Ethel Davis Wilson

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P. M. Hinchcliffe

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There is nothing provincial about Ethel Wilson's writing. Her novels and stories display a sensibility that is sophisticated and urbane. They are patently the work of an artist who has no patience with any kind of cultural or moral narrowness. Even if her characters are not always aware of their place in a larger world, Mrs. Wilson herself is, and she makes sure that her readers are aware of it too. But she has always been a determinedly regional writer…. A few of her stories are set outside British Columbia, but her home ground is Vancouver and the river valleys and mountain lakes that make up what dwellers on the British Columbia coast call "the Interior", and which they regard as their hinterland. Her novels and stories are filled with loving descriptions of Vancouver's streets and mountains and with favourite scenes from the Interior, like the marriage of the Fraser and Thompson Rivers and the flight of migrating geese, repeated again and again.

These scenes never take over the stories in which they appear because Ethel Wilson's centre of interest is not topography. It is the moral and effective lives of her characters, most of them women, who are all solitary persons to some degree, and who never merge with or are overcome by the landscapes in which they are placed….

Just as her stories are set in the enclosed spatial region of British Columbia but with a constant awareness of the rest of the world outside it, so the time of her stories is a kind of enclosed area—the lives of two generations of British Columbians—in which she can move imaginatively backwards and forwards…. There is a difference between the two kinds of regionalism, of course. Space remains the same but time does not, and as time passes the perception of space, though not the space itself, changes.

One source of the astringent irony which is one of the delights of Ethel Wilson's fiction is her constant awareness of the tension between static space and changing time in her chosen regions. Her attitude to this tension can be described as elegiac, though never plaintive or nostalgic. This elegiac attitude gives a distinctive quality to her prose style, and because it is intimately connected with the exercise of memory, which is one of the major concerns of all her writing, it is an important structural element in her fiction as well. (p. 62)

Her position seems to be that here are people who have built a city and a province and given it a distinctive style of life. Most of these people are not aware that their way of life has been distinctive, and they do not care much about preserving their achievement. But it is an achievement and it ought to be preserved in spite of its creators' indifference. In her writing Ethel Wilson sees this act of preservation as one of her primary responsibilities, and I think that it is this sense of obligation that saves her style from coyness or self-indulgence in its repeated references to the scenic beauties of Vancouver and the British Columbia Interior. (pp. 62-3)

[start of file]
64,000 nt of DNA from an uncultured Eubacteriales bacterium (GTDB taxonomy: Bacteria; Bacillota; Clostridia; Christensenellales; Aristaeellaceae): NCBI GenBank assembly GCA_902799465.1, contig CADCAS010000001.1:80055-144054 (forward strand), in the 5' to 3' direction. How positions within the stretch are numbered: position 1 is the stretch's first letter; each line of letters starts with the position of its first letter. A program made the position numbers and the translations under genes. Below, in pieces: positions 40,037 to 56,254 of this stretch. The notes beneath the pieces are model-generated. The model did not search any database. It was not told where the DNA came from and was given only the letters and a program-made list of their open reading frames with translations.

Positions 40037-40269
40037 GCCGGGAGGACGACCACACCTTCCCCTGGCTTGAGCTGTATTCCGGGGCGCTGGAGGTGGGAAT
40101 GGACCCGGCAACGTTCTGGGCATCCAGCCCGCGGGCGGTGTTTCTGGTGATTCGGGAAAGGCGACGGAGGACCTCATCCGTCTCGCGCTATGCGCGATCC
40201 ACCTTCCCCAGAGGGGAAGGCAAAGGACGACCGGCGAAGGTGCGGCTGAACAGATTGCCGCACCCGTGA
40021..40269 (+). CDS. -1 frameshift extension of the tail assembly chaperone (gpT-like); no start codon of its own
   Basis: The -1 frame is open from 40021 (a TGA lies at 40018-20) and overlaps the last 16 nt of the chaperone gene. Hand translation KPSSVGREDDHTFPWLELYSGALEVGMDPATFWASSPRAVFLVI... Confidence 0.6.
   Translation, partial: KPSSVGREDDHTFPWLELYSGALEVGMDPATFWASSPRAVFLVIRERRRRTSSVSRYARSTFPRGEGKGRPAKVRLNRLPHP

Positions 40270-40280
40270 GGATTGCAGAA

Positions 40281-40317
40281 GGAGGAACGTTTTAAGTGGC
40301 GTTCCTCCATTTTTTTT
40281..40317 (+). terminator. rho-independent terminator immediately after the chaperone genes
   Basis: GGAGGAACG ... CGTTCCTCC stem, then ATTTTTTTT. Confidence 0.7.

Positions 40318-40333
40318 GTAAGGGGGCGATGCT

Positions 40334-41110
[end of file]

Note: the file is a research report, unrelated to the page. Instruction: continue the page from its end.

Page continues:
The culture that Ethel Wilson writes about is that of the colonists who peopled British Columbia during the sixty years between the completion of the Canadian Pacific Railway and the end of the Second World War….

This culture has largely vanished during the past twenty-five years. Its old sense of a special British identity has been overtaken by the rush of post-war immigration, especially into Vancouver….

Although Ethel Wilson began to write before these changes became apparent, she has...

(This entire section contains 1786 words.)

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always seen the culture of British Columbia as one in which change was inevitable…. Also, the reader should not assume that Mrs. Wilson's elegiac affection for British Columbia and its people implies uncritical admiration of the colonist culture that she depicts. Many of her characters who accept the values of this culture without question are narrowed or even destroyed by this acceptance…. (p. 63)

Furthermore, Ethel Wilson is aware that in some respects the culture of which she writes is shallow, almost a mushroom growth—or to use her own metaphor, the subsoil on which she stands has no continuity with the strata beneath it…. [The] lack of any sense of a collective past is characteristic of many of the people that Ethel Wilson writes about, and she regards it, rather wryly, as something that she must accept in her own characters….

If the culture of British Columbia forgets its own past too easily, it is completely oblivious of the Indians' culture that the white colonists supplanted, and Ethel Wilson's fiction reflects this situation. The other culture with which her characters can interact is not Indian but Chinese, for the Chinese also came to British Columbia with the railroad, and they too form a kind of cultural overlay on the native terrain….